Because our lab staff specialize in a variety of fields and work tasks, it is understandable that for some, collective office work contributes in proceeding with their work tasks, while for some, the peace of their own home can make work much more efficient. For Sanni, the home work environment has proven to be better for her own tasks than the lab workstation: “I would also like to work remotely in the future, if possible. For myself, I don’t really see any benefits in returning to the office other than making it easier to maintain community.” Aslak states that even if he himself would rather return to the office, he thinks it is possible to learn about remote work-culture over time and a hybrid model of working could be a good solution.

However, we also discussed some possible problem areas of the hybrid model in the video. Petri highlights the potential challenge of the hybrid model: if all employees remote working days don’t always meet, it can complicate and delay communication and completion of work tasks if a co-worker cannot be reached from the office at certain times. If the remote days are fragmented, cooperation and communication can become difficult at times. Jarkko states that common remote working days could help this situation, being it so that only on certain days of the week it would be possible to work remotely. Being it so that some workers would mainly always want to work remotely, they could always be reached primarily through Teams, for example. There are many opportunities, and the topic is constantly discussed among the entire professional staff of Lapland.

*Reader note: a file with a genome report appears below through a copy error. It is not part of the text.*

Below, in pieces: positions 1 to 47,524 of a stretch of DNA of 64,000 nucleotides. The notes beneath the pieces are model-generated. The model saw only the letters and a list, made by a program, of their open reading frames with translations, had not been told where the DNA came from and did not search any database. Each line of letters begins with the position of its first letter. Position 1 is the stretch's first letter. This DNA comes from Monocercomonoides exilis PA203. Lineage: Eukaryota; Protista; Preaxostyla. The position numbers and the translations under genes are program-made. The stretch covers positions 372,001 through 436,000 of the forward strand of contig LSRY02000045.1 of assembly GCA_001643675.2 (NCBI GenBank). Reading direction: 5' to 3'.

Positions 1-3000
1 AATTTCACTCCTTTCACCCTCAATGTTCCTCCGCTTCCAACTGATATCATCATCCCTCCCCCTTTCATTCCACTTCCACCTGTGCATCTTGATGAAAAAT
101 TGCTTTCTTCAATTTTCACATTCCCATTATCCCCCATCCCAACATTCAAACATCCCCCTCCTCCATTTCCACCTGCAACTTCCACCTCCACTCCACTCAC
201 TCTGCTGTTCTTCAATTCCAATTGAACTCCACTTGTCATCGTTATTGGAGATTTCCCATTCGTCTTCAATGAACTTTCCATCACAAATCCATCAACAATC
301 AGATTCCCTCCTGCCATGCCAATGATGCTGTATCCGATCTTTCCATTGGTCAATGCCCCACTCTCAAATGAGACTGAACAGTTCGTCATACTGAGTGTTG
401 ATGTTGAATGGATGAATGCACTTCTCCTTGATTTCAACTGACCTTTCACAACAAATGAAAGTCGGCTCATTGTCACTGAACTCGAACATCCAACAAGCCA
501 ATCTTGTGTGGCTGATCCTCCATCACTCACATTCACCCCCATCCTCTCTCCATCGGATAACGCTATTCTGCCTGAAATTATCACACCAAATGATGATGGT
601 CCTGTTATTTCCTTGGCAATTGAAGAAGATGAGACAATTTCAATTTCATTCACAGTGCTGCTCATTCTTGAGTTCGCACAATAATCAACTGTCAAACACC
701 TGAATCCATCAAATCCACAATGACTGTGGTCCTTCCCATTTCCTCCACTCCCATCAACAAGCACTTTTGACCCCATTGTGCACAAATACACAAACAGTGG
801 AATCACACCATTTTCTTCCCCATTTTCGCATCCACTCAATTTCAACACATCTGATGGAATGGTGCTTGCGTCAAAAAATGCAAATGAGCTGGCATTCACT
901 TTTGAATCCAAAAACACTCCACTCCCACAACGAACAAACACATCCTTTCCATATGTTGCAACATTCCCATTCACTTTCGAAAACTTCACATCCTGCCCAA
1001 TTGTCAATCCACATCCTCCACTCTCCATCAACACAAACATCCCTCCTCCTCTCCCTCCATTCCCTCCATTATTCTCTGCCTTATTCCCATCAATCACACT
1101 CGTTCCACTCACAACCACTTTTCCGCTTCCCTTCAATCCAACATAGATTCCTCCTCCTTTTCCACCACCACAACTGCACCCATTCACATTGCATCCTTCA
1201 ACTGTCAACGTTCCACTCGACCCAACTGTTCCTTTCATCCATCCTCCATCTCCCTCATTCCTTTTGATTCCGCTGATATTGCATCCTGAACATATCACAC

With autumn closing in, we will be on stand-by observing how the situation proceeds with schools opening. For our lab teams, remote work continues for now, and most people are spending their summer holidays before coming back to work.


Written by Tuuli Nivala | 17/07/2020